A Call for 60s-Style Teach-ins on Anti-Racism

By Sabrina Völz

 

Pho­to Cred­it: “DSC8902 – The Ele­phant in the Room” by damienconway30

Let’s start off with a few telling facts: The ori­gin of the word “racism” stems from the French word racisme which appeared dur­ing the last decades of the 19th cen­tu­ry. In Eng­lish, how­ev­er, accord­ing to the Mer­ri­am Web­ster Dic­tio­nary, “Racism appears to be a word of recent ori­gin, with no cita­tions cur­rent­ly known that would sug­gest the word was in use pri­or to the ear­ly 20th cen­tu­ry.” Now, let that sink in. The peo­ple at Web­ster are also quick to point out that just because the word is “fair­ly new” doesn’t mean that “the con­cept of racism did not exist in the dis­tant past.” No won­der we – and with we, I mean all soci­eties – have a prob­lem with racism. So let’s get to the root of it and root it out.

One of the cours­es I reg­u­lar­ly teach that I wish wasn’t so rel­e­vant these days is called, “The Six­ties in Fact and Fic­tion.” As an Amer­i­can Stud­ies schol­ar, I’d like to think that soci­ety can learn the lessons of the past, so I keep teach­ing and keep teach­ing about the long 1960s. Yet, it seems that soci­ety has been left untouched by those lessons we should have learned some time ago. It is sad to say, but racism, inequal­i­ty, police bru­tal­i­ty, and injus­tice are still alive and well in the Unit­ed States. How­ev­er, many of the peo­ple who have been their vic­tims are not.

It is para­mount that we delve more deeply into racism, a top­ic that lit­er­al­ly affects the lives of mil­lions of peo­ple. And I sug­gest we bring back the 60s-style teach-ins at all lev­els of soci­ety – from ele­men­tary school to post-grad­u­ate sem­i­nars, from pub­lic libraries to church­es, and from police precincts to city halls. The more peo­ple who tru­ly under­stand the his­to­ry, mean­ing, and effects of racism, the greater the chances are that pro­found change can final­ly come. For white peo­ple like myself, how­ev­er, that knowl­edge is like­ly not just uncom­fort­able, but also full of guilt and pain.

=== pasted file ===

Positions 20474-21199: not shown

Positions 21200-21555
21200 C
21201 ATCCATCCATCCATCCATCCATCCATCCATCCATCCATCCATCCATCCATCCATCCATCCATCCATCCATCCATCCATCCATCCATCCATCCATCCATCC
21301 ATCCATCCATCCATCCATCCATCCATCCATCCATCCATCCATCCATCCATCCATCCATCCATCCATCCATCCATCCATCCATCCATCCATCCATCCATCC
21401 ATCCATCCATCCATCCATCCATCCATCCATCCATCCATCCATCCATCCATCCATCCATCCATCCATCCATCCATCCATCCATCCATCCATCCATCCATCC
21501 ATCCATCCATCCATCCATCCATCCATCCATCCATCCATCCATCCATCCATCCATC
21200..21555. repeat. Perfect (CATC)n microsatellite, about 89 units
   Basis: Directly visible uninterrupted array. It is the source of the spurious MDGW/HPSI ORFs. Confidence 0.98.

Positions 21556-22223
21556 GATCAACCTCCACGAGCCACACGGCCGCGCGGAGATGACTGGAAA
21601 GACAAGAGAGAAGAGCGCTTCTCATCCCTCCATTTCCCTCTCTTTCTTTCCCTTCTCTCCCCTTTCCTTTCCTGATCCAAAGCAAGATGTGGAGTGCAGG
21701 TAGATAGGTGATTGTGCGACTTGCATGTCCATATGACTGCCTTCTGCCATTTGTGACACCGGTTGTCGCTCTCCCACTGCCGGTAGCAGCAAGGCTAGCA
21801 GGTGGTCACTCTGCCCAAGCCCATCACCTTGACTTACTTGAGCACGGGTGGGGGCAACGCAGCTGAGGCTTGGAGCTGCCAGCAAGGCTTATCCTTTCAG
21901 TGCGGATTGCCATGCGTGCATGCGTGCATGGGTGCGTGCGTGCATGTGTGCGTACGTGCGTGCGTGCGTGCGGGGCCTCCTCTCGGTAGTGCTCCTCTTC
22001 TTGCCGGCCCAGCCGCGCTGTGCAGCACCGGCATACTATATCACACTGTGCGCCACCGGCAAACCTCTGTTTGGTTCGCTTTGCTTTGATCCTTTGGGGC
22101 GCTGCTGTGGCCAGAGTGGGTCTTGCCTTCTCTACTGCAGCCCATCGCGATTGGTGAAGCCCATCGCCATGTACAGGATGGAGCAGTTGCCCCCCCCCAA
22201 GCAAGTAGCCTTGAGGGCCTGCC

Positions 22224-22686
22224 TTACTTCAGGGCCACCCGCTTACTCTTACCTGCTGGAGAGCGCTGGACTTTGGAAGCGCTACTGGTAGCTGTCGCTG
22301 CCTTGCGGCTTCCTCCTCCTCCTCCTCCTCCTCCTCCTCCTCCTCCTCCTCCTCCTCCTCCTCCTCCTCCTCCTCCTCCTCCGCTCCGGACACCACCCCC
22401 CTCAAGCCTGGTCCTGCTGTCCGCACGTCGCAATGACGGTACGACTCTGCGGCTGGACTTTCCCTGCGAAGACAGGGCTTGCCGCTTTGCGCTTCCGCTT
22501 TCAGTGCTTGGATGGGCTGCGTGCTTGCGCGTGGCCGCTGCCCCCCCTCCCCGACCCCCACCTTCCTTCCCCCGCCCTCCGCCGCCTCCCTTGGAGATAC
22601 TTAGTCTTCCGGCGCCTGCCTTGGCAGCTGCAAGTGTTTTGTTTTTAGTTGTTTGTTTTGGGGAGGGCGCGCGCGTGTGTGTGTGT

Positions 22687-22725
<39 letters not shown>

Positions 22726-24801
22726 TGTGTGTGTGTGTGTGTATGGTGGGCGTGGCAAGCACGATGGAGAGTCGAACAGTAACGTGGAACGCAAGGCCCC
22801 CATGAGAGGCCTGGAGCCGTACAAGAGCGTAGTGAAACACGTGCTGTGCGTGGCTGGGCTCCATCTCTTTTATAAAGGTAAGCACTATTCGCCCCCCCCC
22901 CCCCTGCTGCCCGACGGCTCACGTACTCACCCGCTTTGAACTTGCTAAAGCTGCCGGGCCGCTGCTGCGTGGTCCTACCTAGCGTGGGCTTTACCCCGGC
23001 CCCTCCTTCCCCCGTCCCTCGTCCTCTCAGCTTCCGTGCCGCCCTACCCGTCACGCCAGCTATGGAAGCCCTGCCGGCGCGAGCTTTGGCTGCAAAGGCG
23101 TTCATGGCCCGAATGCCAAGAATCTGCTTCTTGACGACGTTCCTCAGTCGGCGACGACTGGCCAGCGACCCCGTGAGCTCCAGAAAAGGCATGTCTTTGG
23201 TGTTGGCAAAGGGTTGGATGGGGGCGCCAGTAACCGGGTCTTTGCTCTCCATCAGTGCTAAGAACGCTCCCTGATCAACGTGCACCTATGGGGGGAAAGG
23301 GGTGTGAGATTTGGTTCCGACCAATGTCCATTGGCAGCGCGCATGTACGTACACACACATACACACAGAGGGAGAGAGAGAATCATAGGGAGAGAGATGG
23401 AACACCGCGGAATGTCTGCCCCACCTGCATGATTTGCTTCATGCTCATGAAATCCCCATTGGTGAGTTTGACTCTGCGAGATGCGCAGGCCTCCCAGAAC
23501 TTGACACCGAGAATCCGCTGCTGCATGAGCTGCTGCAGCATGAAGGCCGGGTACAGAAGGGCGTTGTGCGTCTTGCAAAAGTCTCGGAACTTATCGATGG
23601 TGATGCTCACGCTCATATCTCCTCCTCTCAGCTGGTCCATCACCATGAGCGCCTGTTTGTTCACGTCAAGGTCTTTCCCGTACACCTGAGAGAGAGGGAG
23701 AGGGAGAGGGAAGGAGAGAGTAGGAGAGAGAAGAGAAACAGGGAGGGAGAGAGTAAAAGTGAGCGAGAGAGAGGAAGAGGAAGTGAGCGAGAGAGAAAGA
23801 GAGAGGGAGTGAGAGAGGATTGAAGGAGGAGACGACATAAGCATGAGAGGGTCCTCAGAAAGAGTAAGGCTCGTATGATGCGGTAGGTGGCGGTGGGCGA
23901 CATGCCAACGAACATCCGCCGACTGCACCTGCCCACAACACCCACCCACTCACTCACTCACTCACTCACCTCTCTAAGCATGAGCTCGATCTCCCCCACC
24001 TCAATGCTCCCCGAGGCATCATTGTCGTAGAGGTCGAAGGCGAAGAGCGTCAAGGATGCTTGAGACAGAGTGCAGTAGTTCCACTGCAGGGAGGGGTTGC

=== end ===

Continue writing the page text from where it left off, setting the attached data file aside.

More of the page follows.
For white adults, I’d start the anti-racism jour­ney with an episode from the pod­cast Dear Sug­ar Radio by Cheryl Strayed and Steve Almond, enti­tled “Talk­ing About Priv­i­lege” with Catrice M. Jack­son, repub­lished on Jan. 10, 2020. Then, I’d move on to the col­lec­tion of seem­ing­ly end­less resources on anti-racism geared to all ages, back­grounds, and lev­els of knowl­edge by Dr. Nicole A. Cooke, Augus­ta Bak­er Endowed Chair and Asso­ciate Pro­fes­sor at The Uni­ver­si­ty of South Carolina.

As you can see from the image above, the ref­er­ences have been attrac­tive­ly com­piled in Padlet, and many of them can be used for remote learn­ing. Here, read­ers will find plen­ti­ful sug­ges­tions that make won­der­ful addi­tions to any library, such as the children’s sto­ry, The Pow­er Book: What is it, Who Has it and Why? by Claire Saun­ders et al. or The New York Times best­selling work of non-fic­tion for adults, So You Want to Talk About Race by Ijeo­ma Oluo. Also, every­one should do The Implic­it Asso­ci­a­tion Test – the results may sur­prise you. Then, there are the links to arti­cles, such as “Why You Need to Stop Say­ing ‘All Lives Mat­ter,’” and videos, for instance, “Uncom­fort­able Con­ver­sa­tions with a Black Man,” in which Emmanuel Acho has a heart-to-heart with white Amer­i­ca. These resources will keep the open-mind­ed busy for hours and hope­ful­ly help read­ers to engage with the com­plex top­ics on both an intel­lec­tu­al and emo­tion­al lev­el. My hope is that this knowl­edge will empow­er us to make a dif­fer­ence. Thank you, Nicole Cook.

For those, who’d like a more struc­tured approach, I’d high­ly rec­om­mend the Nation­al Muse­um of African Amer­i­can His­to­ry and Culture’s “Talk­ing About Race” Web Por­tal. It includes sec­tions on anti-racism, bias, com­mu­ni­ty build­ing, the his­tor­i­cal foun­da­tions of race, sys­tems of oppres­sion, and white­ness. Each sec­tion builds on the next with rel­a­tive­ly con­cise entries sup­ple­ment­ed with pic­tures, charts, videos, and much, much more.

Let’s turn those feel­ings of con­fu­sion, help­less­ness, or even rage into deep learn­ing. And let’s move the dia­logue from racism to anti-racism.

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